If changes need to be made, they are communicated to the lab, and we re-design the setup to make corrections, and print another prototype for denture try-in.  If the try-in is a success, and it is ready to go for final processing and finish, we ask our clinicians to at least take a thin wash impression inside the printed try-in.  This is because we can use this step much like a custom tray, and oftentimes improve retention by doing so. We’ve even seen some cases where the dentist has bordermolded the printed tryin to extend flanges or the palate so that more information can be incorporated into the fitting surface of the finished denture.  It comes to the lab, and we process the final case and return it ready for delivery.

Depending on the situation of the individual patient, you may have different demands for a digital denture.  Maybe it is an immediate that the patient will heal in post-surgery. Maybe it is a final denture. Maybe you need to make a duplicate denture.  Whatever the indication, a digital denture can answer your needs, but you must address the most important detail in order to do that, which is your choice of material for the denture teeth.  

One major problem with digital dentures at the start of 2019 is finding a material for the teeth that is resistant to wear and that passes the test for esthetics.  We could simply print teeth out of a crown and bridge resin, or mill them from a PMMA puck, but they will wear far quicker than even an economy denture tooth.  Presently, almost any manufactured denture tooth on the market will outlast these resins. This is due to the fact that the dual cross linked acrylic and composite denture teeth are more dense on a molecular level, and don’t abrade like an unrefined resin.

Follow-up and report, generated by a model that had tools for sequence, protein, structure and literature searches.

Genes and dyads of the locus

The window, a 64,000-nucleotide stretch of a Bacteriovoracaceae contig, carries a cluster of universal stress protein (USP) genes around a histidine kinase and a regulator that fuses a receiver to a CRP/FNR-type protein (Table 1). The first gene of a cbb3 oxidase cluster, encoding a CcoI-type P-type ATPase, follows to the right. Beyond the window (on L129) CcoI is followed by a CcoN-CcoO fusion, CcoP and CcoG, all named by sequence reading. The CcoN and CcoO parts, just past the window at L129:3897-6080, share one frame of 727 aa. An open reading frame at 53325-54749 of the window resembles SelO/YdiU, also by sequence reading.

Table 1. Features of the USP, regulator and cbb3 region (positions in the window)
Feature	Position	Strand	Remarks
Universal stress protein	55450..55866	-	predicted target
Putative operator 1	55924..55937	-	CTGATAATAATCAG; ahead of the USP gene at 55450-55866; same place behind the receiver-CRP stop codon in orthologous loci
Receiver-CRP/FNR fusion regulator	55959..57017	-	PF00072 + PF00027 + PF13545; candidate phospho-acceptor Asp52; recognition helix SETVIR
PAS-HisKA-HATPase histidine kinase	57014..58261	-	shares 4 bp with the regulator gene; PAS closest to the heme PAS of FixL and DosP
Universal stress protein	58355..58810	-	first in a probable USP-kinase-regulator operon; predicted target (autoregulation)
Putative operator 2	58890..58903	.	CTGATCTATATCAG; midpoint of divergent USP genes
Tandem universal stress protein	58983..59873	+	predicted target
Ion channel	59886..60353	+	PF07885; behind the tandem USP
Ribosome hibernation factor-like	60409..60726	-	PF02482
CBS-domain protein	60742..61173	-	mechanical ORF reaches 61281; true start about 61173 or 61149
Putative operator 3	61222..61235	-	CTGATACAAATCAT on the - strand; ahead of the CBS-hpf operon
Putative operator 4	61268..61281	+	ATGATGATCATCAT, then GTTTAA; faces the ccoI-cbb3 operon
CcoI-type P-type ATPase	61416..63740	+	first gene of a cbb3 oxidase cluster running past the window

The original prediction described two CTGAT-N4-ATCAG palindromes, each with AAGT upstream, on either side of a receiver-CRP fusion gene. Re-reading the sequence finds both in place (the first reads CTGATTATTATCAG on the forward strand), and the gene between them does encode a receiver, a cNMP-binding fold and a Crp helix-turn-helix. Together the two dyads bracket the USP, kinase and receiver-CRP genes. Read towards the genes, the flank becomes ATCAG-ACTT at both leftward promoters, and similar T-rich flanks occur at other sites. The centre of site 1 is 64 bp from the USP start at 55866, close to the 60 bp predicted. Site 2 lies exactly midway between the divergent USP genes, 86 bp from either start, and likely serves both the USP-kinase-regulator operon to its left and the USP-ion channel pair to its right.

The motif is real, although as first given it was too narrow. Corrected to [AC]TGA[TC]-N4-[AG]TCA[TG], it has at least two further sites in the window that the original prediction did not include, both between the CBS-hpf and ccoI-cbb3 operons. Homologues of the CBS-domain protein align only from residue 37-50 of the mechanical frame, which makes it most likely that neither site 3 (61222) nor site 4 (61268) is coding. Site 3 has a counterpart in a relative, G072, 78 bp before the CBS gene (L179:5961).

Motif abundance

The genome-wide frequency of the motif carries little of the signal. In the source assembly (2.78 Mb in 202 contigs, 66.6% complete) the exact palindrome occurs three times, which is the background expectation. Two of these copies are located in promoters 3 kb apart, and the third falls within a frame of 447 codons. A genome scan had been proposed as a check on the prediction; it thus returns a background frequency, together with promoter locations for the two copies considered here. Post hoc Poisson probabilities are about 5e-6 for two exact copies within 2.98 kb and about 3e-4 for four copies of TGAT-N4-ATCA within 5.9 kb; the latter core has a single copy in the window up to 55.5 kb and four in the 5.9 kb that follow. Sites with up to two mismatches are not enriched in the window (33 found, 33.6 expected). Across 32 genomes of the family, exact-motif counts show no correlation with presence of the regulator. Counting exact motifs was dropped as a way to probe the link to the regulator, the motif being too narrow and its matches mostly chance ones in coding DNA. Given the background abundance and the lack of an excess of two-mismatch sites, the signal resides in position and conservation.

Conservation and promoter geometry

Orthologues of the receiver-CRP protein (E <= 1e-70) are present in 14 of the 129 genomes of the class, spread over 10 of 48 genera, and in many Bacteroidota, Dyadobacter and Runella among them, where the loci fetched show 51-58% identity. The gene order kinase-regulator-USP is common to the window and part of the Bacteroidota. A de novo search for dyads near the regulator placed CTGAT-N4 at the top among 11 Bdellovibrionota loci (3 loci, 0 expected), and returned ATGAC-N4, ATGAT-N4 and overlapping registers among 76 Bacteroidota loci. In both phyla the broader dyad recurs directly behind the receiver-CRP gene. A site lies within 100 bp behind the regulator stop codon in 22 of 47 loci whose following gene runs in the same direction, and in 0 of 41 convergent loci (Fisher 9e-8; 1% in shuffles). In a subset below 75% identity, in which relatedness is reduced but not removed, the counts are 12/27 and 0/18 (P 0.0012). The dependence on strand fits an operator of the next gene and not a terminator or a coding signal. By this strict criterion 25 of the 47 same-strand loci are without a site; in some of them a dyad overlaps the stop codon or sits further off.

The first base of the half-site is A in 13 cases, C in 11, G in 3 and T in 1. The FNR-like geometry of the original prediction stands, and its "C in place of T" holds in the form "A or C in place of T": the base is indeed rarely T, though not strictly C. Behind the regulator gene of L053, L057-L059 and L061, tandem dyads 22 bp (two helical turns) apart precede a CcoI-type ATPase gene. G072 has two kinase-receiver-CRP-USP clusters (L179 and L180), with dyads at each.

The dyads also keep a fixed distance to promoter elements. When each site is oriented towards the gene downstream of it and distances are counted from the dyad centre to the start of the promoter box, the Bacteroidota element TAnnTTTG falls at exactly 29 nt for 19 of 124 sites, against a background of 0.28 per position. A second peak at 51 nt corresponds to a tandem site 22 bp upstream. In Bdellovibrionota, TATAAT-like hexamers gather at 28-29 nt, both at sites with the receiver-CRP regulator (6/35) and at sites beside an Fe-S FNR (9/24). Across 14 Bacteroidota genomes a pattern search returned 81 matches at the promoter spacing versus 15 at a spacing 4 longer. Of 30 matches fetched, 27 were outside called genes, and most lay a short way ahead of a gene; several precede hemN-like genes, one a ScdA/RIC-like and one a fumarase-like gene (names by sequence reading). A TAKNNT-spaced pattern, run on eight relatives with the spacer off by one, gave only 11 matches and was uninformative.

Another problem with printing or milling the teeth is that we are still not satisfied with the esthetics.  For a very temporary provisional denture, or immediate interim, just printing the teeth out of resin is an option, because we can do so at a reduced cost of materials, and after all it is acting as just a band-aid . But if the patient is going to wear the appliance for any real length of time, then we at least have to think about milling the teeth from a multilayered puck, or better yet, incorporating real denture teeth back into the case once it is ready for processing.

We’re constantly looking for new tooth materials coming to market with an FDA approval that will answer the shortcomings of present resins and PMMAs.  We feel confident that in one or two years time, this problem will be in the rear view mirror.

If it were up to us, every patient would end up with a digital denture with real denture teeth, not printed or milled.  You can then really customize your denture with composites, and be known as the best and most savvy denture provider in town.   As you are thinking about entering the digital realm for your denture workflow, remember that digital is just a tool to get to the end product, and if incorporated correctly it can really improve your denture experience from a clinical point of view, as well as provide a more enjoyable experience for your patients.  

Contact us for your next denture case at 757-271-5811, and regardless of what workflow we employ, we’ll help you look like a hero to your patient!